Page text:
• Respect electricity. Use battery-operated appliances instead of cord-connected appliances in and around the pool.
  • Prepare for emergency. Know where all electrical switches and circuit breakers for pool equipment and lights are located and how to turn them off in an emergency. Learn how to perform CPR. Keep a first aid kit close by.

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Hot Tub and Spa Safety

Follow these precautions in keeping your hot tub or spa safe:

  • Always supervise. Do not allow anyone -- of any age -- use a spa or hot tub without supervision. Make sure you can see what they're doing.
  • Prohibit drinking. Do not drink alcohol before -- or while -- soaking in a spa or hot tub. Alcohol increases the risk of passing out, heart attack, or injury from passing out and falling.
  • Be careful with medicine. Prescription and over-the-counter medicines sometimes cause drowsiness or other side effects. Check with your doctor about taking these medicines while using a spa or hot tub.
  • Respect drains. Make sure your drains are up to date with the law or code specifications to prevent hair or body parts from getting sucked in. If your pool or spa doesn't have two drains working together, they should have a device to automatically cut off the suction.
  • Talk to children about dangers. Never allow a child to play in a way that would permit hair to come near a drain cover. They should not stick fingers, toes, or body parts into drains. They should not play the "hold your breath underwater" game.
  • Require good behavior from kids. This means:
    • No playful screaming for help (false alarms) that might mask a real emergency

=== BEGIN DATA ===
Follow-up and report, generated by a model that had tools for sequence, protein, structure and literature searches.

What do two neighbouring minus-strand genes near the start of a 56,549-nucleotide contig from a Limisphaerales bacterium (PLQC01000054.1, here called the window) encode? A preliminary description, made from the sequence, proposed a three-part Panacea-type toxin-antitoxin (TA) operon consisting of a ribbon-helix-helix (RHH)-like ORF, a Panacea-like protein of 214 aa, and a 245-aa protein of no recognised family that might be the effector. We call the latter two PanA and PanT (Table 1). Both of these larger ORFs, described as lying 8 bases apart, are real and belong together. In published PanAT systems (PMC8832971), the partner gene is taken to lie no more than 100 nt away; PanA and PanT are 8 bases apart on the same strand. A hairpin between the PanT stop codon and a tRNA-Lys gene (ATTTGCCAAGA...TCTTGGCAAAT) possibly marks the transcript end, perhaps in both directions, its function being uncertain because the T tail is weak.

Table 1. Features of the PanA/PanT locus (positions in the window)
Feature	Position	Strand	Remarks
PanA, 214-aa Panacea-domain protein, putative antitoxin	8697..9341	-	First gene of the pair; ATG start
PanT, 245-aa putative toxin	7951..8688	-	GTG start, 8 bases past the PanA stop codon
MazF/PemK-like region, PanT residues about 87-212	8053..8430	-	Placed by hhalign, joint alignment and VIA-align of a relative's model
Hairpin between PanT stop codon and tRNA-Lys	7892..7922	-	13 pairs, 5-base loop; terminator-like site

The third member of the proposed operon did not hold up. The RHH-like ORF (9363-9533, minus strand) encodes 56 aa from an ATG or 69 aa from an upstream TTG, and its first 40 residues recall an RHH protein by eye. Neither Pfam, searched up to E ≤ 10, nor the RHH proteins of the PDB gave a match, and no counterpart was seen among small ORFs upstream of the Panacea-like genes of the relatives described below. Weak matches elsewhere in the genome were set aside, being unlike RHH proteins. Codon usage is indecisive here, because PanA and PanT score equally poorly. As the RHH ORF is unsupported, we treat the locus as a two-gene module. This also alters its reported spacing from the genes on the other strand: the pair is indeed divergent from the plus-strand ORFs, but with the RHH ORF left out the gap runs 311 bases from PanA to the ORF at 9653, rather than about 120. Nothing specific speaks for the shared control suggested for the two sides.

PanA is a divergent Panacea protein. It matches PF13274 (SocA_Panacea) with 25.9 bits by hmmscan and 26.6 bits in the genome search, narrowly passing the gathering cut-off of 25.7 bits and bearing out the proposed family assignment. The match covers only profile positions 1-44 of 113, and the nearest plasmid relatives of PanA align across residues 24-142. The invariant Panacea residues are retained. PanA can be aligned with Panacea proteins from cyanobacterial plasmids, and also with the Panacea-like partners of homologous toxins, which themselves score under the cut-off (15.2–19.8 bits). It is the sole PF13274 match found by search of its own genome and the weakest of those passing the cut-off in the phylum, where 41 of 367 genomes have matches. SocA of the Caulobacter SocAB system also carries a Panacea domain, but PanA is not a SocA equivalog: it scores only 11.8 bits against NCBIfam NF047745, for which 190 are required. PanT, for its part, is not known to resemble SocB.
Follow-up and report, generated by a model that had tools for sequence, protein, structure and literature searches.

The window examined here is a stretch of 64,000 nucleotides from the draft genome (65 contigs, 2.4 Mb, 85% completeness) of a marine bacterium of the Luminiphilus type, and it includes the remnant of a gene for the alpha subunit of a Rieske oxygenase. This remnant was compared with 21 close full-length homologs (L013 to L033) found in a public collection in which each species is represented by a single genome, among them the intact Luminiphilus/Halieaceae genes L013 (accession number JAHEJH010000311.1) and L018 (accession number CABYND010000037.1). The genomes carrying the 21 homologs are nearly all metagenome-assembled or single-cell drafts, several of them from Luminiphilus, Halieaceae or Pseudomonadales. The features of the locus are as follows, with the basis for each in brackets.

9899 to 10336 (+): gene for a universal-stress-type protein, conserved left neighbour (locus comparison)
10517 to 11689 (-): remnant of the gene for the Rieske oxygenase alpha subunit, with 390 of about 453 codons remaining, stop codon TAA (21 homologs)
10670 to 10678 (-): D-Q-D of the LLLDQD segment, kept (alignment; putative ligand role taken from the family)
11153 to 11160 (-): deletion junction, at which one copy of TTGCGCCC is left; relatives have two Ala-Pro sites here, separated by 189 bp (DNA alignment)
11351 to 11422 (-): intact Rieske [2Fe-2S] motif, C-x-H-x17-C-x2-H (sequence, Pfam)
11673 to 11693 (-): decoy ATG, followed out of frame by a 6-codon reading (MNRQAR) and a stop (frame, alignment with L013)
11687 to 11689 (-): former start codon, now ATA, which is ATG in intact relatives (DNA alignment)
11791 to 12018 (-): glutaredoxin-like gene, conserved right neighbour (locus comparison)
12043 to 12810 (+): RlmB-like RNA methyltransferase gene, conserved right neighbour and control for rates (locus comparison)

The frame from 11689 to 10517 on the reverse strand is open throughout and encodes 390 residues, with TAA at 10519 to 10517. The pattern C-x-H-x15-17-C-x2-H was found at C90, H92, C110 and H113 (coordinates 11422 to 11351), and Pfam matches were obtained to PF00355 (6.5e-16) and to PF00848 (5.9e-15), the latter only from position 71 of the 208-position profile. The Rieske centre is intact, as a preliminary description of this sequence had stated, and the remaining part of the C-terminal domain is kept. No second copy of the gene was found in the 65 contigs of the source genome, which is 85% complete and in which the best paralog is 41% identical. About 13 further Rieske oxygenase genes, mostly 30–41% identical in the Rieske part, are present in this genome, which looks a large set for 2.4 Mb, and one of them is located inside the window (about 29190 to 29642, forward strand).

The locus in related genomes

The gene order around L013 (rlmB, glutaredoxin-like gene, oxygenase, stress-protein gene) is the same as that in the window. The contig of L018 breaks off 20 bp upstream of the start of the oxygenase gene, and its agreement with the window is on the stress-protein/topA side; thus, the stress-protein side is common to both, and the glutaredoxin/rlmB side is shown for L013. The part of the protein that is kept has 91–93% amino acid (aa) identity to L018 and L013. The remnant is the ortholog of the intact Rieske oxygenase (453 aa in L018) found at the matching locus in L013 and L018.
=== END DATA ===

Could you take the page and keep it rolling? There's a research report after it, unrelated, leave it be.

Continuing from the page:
• No running or pushing near the spa or hot tub
    • No diving or jumping into a spa or hot tub
    • No playing on top of the hot tub cover; they do not support a child's weight.
  • Respect storms. Never use the hot tub or spa before, during, or after a thunderstorm. There is a real danger of electrocution from lightning.
  • Prepare for emergency. Know where all electrical switches and circuit breakers for pool equipment and lights are located and how to turn them off in an emergency. Learn how to perform CPR. Keep a first aid kit close by.

Spa & Hot Tub Maintenance

  • Update drain covers. Make sure your spa or hot tub has newer, safer drain covers that help prevent injuries. If a drain cover is missing or broken, shut down the hot tub until it is replaced. Call a spa or hot tub professional if you are uncertain about this.
  • Get inspected. Have your hot tub and spa inspected for electrical hazards, and upgrade all systems according to local codes and the National Electrical Code.
  • Respect electricity. Use battery-operated appliances instead of cord-connected appliances in and around the pool.
  • Prevent infections. Change hot tub water frequently to prevent "hot tub lung" and "hot tub folliculitis." Also, shower before getting into a hot tub to help keep water clean.
  • Keep water safe. Keep the water temperature at 104 F or below. Keep water clean, properly disinfected, and clear of debris.
  • Use spa covers. They protect children from danger, save energy, and keep debris out of the spa.
  • NO infants allowed. A baby’s thin skin makes it more susceptible to overheating